A phase i study of the PD-L1 inhibitor, durvalumab, in combination with a PARP inhibitor, olaparib, and a VEGFR1-3 inhibitor, cediranib, in recurrent women's cancers with biomarker analyses

Alexandra S. Zimmer, Erin Nichols, Ashley Cimino-Mathews, Cody Peer, Liang Cao, Min Jung Lee, Elise C. Kohn, Christina M. Annunziata, Stanley Lipkowitz, Jane B. Trepel, Rajni Sharma, Lekha Mikkilineni, Margaret Gatti-Mays, William D. Figg, Nicole D. Houston, Jung Min Lee

Research output: Contribution to journalArticlepeer-review

Abstract

Background: Strategies to improve activity of immune checkpoint inhibitors are needed. We hypothesized enhanced DNA damage by olaparib, a PARP inhibitor, and reduced VEGF signaling by cediranib, a VEGFR1-3 inhibitor, would complement anti-tumor activity of durvalumab, a PD-L1 inhibitor, and the 3-drug combination would be tolerable. Methods: This phase 1 study tested the 3-drug combination in a 3 + 3 dose escalation. Cediranib was taken intermittently (5 days on/2 days off) at 15 or 20 mg (dose levels 1 and 2, respectively) with durvalumab 1500 mg IV every 4 weeks, and olaparib tablets 300 mg twice daily. The primary end point was the recommended phase 2 dose (RP2D). Response rate, pharmacokinetic (PK), and correlative analyses were secondary endpoints. Results: Nine patients (7 ovarian/1 endometrial/1 triple negative breast cancers, median 3 prior therapies [2-6]) were treated. Grade 3/4 adverse events include hypertension (1/9), anemia (1/9) and lymphopenia (3/9). No patients experienced dose limiting toxicities. The RP2D is cediranib, 20 mg (5 days on/2 days off) with full doses of durvalumab and olaparib. Four patients had partial responses (44%) and 3 had stable disease lasting ≥6 months, yielding a 67% clinical benefit rate. No significant effects on olaparib or cediranib PK parameters from the presence of durvalumab, or the co-administration of cediranib or olaparib were identified. Tumoral PD-L1 expression correlated with clinical benefit but cytokines and peripheral immune subsets did not. Conclusions: The RP2D is tolerable and has preliminary activity in recurrent women's cancers. A phase 2 expansion study is now enrolling for recurrent ovarian cancer patients. Trial registration: ClinicalTrials.gov identifier: NCT02484404. Registered June 29, 2015.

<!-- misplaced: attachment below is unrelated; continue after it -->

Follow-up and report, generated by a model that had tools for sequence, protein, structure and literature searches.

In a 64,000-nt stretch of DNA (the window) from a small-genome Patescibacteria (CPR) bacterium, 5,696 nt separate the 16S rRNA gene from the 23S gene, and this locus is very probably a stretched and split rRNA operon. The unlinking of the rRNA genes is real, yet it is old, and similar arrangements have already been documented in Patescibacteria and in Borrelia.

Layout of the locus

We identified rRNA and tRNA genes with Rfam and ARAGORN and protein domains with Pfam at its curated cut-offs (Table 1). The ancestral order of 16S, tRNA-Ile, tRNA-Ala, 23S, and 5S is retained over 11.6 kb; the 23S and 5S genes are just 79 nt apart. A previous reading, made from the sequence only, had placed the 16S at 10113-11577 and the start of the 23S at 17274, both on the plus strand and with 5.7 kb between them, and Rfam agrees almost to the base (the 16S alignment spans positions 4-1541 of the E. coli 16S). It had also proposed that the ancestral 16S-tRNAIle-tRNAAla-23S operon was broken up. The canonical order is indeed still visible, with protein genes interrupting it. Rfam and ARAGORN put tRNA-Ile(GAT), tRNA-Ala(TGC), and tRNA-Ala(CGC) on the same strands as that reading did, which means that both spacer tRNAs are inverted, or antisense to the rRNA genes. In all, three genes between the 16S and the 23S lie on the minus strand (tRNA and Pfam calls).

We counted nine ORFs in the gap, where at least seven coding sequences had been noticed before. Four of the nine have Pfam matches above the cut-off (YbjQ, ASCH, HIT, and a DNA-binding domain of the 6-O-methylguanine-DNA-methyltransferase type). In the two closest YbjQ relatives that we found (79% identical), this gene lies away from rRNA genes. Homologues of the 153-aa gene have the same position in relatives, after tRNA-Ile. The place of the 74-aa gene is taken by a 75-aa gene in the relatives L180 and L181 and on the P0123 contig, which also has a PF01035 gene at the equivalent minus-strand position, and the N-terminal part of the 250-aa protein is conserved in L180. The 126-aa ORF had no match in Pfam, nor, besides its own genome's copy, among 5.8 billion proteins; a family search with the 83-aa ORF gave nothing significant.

Original languageEnglish (US)
Article number197
JournalJournal for immunotherapy of cancer
Volume7
Issue number1
DOIs
StatePublished - Jul 25 2019

Keywords

  • Immune checkpoint inhibitor
  • Ovarian cancer
  • PARP inhibitor
  • VEGF inhibition

ASJC Scopus subject areas

  • Immunology and Allergy
  • Immunology
  • Molecular Medicine
  • Oncology
  • Pharmacology
  • Cancer Research

Fingerprint Dive into the research topics of 'A phase i study of the PD-L1 inhibitor, durvalumab, in combination with a PARP inhibitor, olaparib, and a VEGFR1-3 inhibitor, cediranib, in recurrent women's cancers with biomarker analyses'. Together they form a unique fingerprint.

Cite this